Alfred Russel Wallace : Alfred Wallace : A. R. Wallace :
Russel Wallace : Alfred Russell Wallace (sic)
Discussion of a Paper on Hybridity (S100: 1864)
Editor Charles H. Smith's Note: Third party rendering of words Wallace offered in discussion of
the paper 'On Hybridity,' read by Rev. F. W. Farrar at the Anthropological Society of London's
meeting of 5 April 1864, and later printed in the second volume of the Society's Journal series.
Original pagination indicated within double brackets. To link directly to this page, connect with:
[[p. ccxxvi]] Mr. A. R. Wallace thought the meeting were much indebted to M. Vogt for the
eloquent and forcible manner in which he had pointed out the excessive difficulty and
complexity of the subject, and the state of ignorance which generally prevails as to what
constitutes species. All the facts stated in the paper would, however, go to prove that no two
nations could produce fertile offspring, for it might be said that in all instances where fertility
existed there had been an influx of new blood. Such problems could not be satisfactorily solved,
because it was impossible to make the requisite experiments on men. It might be done with
animals, but with men it was a different thing. The only method by which the problem could be
solved would be, to introduce into some island women of one race and men of another, and leave
them to themselves, taking care that no other races were admitted on the island. But as that could
not be done, no evidence could be obtained that was not open to objection. One of the [[p.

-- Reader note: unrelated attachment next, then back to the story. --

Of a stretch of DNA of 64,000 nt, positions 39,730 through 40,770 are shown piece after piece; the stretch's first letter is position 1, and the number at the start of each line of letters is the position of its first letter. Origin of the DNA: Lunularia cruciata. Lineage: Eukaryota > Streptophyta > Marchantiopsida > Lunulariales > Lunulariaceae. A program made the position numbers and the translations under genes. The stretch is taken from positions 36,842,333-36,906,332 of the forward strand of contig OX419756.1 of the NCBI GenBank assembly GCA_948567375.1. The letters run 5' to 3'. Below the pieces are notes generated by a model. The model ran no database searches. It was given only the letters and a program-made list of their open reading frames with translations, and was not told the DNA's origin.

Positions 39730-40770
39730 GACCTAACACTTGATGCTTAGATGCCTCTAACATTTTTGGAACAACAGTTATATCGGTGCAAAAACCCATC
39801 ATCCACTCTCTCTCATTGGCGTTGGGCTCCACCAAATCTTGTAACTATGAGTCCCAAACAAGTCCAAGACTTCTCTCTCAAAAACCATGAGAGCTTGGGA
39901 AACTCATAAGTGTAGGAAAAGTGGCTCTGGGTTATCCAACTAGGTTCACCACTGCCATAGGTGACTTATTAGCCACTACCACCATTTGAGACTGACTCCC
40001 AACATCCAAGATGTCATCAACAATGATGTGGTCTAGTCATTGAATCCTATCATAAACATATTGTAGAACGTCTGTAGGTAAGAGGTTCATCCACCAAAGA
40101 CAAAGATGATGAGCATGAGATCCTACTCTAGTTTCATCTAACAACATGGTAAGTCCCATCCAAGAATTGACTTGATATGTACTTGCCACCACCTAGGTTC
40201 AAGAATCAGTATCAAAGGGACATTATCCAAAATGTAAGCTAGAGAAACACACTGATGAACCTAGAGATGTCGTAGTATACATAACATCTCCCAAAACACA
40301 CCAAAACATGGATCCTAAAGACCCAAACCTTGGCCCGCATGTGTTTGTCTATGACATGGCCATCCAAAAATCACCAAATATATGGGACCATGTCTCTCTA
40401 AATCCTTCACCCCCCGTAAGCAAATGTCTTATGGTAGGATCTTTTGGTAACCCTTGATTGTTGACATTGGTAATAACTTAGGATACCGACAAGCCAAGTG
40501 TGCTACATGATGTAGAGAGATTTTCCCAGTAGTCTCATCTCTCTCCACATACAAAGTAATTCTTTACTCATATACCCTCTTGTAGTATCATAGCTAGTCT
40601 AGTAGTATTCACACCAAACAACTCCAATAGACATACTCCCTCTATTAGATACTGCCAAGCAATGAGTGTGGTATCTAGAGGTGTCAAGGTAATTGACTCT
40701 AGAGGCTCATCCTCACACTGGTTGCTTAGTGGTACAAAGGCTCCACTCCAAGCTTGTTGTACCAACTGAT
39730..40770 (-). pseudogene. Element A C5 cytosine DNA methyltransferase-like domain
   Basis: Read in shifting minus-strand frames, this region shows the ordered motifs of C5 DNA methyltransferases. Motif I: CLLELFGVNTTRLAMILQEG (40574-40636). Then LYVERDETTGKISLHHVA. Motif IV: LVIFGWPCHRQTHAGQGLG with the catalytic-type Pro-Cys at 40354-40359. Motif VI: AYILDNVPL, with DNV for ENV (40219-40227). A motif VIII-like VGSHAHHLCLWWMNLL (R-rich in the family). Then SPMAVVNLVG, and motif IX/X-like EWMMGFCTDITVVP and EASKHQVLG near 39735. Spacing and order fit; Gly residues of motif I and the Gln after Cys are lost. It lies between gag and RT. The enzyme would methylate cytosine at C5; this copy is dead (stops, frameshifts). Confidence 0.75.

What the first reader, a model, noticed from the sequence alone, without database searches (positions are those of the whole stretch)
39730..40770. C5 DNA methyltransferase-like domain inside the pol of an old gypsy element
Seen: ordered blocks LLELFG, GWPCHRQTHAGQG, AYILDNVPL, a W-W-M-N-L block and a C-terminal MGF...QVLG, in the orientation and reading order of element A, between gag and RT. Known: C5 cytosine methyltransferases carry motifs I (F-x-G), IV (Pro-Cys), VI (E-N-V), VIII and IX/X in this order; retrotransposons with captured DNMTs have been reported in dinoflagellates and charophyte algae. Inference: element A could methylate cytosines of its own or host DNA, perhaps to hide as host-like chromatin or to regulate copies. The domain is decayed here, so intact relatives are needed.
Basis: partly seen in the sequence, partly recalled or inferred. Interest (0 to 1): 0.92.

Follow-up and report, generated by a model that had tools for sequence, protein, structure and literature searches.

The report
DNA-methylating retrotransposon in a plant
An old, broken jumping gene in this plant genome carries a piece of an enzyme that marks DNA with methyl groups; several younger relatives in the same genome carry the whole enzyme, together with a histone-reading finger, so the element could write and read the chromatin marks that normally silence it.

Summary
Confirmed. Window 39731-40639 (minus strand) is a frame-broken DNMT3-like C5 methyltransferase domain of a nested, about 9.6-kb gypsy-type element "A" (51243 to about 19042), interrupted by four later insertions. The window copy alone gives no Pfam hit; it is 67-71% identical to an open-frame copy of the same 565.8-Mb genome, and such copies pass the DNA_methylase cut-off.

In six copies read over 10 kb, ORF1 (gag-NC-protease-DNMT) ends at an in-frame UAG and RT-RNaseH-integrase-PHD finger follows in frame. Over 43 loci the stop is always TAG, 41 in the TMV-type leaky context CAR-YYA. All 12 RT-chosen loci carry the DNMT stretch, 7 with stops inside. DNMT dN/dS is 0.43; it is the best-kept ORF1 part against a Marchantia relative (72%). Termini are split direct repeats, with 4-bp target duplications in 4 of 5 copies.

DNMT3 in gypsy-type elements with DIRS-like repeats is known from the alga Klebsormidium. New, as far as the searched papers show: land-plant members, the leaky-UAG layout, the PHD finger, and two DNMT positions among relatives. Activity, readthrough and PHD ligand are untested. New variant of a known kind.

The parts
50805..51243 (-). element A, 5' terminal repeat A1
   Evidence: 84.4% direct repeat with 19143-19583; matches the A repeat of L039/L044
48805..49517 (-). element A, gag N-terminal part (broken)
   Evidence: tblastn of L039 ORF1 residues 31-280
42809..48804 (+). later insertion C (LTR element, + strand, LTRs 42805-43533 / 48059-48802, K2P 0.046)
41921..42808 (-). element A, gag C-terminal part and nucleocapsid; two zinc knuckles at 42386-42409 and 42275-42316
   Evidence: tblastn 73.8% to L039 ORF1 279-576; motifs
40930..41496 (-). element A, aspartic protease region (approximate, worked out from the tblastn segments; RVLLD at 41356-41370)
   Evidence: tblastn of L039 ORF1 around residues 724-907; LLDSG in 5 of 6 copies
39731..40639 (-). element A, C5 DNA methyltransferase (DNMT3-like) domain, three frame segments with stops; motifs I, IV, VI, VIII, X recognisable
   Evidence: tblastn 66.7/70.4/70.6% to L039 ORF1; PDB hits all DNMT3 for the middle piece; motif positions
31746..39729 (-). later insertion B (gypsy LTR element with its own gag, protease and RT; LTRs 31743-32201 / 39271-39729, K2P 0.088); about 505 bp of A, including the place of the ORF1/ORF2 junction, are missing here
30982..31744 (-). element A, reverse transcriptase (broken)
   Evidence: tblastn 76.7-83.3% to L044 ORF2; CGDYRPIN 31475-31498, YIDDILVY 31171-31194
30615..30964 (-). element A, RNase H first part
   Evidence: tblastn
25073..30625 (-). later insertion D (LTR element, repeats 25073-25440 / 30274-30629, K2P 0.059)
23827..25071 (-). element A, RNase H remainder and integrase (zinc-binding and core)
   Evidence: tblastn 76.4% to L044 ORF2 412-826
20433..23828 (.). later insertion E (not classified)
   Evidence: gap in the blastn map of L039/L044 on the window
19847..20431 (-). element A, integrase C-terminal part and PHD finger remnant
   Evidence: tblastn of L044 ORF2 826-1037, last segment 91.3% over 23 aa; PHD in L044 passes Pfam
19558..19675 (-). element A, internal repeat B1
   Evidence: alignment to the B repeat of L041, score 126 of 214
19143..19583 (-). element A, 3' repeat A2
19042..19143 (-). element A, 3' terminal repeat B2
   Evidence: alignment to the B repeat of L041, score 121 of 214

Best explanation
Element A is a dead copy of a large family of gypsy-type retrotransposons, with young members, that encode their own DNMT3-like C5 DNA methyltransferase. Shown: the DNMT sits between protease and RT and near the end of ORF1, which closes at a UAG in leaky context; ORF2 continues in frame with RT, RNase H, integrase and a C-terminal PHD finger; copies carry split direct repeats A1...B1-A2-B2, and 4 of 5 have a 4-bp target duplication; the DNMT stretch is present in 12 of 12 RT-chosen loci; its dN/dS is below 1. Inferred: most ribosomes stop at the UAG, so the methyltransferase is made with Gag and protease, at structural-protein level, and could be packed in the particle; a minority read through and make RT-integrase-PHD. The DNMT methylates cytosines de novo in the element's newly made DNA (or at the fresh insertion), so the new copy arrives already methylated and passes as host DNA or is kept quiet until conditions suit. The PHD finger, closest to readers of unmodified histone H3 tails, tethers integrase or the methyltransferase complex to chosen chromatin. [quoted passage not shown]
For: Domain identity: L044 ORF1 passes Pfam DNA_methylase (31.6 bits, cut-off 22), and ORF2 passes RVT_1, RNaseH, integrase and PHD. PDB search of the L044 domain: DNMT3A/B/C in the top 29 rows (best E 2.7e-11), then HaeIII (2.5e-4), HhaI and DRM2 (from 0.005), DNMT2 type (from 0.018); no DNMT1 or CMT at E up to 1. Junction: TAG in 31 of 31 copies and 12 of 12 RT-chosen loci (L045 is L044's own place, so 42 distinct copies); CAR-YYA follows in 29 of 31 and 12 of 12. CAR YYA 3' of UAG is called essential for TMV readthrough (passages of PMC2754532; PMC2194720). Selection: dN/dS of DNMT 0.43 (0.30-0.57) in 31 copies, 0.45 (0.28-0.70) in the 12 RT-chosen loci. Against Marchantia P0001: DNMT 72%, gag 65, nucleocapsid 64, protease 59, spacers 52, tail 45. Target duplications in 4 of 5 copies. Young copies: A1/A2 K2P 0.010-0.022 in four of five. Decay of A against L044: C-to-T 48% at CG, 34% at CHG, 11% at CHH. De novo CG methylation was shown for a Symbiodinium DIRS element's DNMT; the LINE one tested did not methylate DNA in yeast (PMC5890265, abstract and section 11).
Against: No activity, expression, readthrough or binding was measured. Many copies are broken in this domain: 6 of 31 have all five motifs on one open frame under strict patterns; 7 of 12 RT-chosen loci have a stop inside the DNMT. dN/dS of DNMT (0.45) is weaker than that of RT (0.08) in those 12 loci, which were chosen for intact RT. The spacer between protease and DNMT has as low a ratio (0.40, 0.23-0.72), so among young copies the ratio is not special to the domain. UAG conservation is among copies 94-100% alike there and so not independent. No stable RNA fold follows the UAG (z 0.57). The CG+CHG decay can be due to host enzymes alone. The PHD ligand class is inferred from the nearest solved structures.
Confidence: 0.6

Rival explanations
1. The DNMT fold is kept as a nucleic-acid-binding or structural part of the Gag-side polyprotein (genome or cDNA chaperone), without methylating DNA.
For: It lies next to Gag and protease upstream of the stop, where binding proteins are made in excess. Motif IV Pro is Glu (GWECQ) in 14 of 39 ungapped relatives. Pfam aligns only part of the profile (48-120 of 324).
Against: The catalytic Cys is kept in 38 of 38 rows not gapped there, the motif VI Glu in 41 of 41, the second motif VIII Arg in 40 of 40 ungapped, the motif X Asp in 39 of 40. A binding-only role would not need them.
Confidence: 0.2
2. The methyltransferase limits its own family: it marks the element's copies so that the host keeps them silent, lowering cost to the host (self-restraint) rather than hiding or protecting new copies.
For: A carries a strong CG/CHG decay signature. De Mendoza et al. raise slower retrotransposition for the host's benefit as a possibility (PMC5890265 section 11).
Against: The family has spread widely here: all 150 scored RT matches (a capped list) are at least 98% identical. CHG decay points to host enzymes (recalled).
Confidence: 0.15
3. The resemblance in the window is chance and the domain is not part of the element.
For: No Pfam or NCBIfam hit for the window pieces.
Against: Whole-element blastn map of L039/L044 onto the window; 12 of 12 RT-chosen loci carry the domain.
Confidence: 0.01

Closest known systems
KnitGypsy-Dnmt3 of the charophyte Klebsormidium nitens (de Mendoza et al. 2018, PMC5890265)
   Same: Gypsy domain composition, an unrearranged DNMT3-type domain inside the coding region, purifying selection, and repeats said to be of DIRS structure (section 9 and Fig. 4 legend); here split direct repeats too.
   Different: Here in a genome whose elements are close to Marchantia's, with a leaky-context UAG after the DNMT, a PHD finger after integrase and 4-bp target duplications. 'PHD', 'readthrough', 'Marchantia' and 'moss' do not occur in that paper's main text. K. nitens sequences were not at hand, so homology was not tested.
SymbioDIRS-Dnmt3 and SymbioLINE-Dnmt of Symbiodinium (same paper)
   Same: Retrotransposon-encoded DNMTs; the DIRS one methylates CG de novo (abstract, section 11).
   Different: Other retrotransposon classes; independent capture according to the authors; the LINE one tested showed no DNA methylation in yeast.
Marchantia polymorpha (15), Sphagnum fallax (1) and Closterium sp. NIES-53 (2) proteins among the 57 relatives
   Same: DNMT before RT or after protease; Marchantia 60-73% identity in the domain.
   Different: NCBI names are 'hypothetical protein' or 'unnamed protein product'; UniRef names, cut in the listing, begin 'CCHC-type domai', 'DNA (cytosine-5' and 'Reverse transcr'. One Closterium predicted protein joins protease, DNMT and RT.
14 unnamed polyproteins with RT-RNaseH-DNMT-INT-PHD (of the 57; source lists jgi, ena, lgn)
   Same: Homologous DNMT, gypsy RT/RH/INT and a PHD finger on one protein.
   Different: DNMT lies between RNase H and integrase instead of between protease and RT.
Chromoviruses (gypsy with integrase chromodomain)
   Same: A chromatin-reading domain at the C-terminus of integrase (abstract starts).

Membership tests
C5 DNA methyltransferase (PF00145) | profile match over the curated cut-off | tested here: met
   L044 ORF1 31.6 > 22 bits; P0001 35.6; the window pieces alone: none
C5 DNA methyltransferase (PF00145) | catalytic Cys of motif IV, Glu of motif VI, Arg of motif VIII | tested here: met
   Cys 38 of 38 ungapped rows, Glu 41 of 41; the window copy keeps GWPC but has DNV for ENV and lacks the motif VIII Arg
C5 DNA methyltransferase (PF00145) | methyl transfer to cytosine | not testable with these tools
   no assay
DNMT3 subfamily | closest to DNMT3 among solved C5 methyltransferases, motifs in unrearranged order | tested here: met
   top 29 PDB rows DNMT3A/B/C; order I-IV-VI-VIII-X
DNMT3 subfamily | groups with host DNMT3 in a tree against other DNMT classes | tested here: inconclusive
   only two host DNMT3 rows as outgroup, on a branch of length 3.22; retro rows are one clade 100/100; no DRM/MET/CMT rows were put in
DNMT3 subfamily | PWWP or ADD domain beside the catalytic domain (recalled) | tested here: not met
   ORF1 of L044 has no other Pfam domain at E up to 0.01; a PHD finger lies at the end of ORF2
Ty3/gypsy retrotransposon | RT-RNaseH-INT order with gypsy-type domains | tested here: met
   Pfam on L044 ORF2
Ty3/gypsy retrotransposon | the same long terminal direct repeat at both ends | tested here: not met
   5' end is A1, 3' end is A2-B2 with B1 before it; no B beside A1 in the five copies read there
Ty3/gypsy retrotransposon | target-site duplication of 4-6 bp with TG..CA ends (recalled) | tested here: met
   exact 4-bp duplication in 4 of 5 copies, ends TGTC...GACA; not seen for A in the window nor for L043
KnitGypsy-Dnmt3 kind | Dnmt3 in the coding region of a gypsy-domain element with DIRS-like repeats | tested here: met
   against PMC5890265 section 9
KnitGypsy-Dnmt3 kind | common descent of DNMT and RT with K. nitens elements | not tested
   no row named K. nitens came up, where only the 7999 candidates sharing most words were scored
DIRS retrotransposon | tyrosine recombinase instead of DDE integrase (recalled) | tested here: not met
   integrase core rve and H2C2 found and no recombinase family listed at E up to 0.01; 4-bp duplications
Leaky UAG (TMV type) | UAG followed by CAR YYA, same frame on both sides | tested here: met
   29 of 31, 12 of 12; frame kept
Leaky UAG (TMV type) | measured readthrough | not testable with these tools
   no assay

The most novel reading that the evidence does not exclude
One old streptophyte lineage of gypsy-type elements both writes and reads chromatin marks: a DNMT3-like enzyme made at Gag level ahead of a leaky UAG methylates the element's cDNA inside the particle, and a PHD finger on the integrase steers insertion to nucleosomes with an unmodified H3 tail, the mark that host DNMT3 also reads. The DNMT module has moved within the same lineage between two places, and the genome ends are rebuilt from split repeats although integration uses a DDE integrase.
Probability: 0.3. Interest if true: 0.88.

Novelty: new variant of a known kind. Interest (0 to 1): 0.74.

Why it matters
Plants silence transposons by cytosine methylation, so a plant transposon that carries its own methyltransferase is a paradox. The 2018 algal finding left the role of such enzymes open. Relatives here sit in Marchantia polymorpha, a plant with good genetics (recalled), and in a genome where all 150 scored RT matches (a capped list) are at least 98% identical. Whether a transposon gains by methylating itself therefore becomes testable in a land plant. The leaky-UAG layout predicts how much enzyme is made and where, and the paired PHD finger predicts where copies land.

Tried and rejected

ccxxvii]] instances alluded to in the paper, as affording evidence against the general fertility of
human races, rested on but slight grounds. It was asserted that with the Australians there was
great difficulty in producing offspring even at the first cross, and that instances of subsequent
fertility are rare. But he had received a communication from a friend, who had recently come
from Australia, which contradicted that opinion. He stated that he had known two instances of
Australian women having had children by white men and afterwards by men of their own tribe.
Numerous cases of the kind, he said, occurred in the bush, in one of which the woman had four
children; but the illegitimate children were always destroyed by the chiefs of tribes, which
accounted for their scarcity. His friend also mentioned that he had seen half-castes who had
children of their own, and his evidence also contradicted the assertion of Count Strzelecki, that
Australian women who had lived with Europeans became infertile for their own race. There was
the well known case of the Pitcairn islanders, in which the males of one race and females of
another race were shipwrecked on the island, and lived together for a long time without
communication with other people, and it would be important to know the results.
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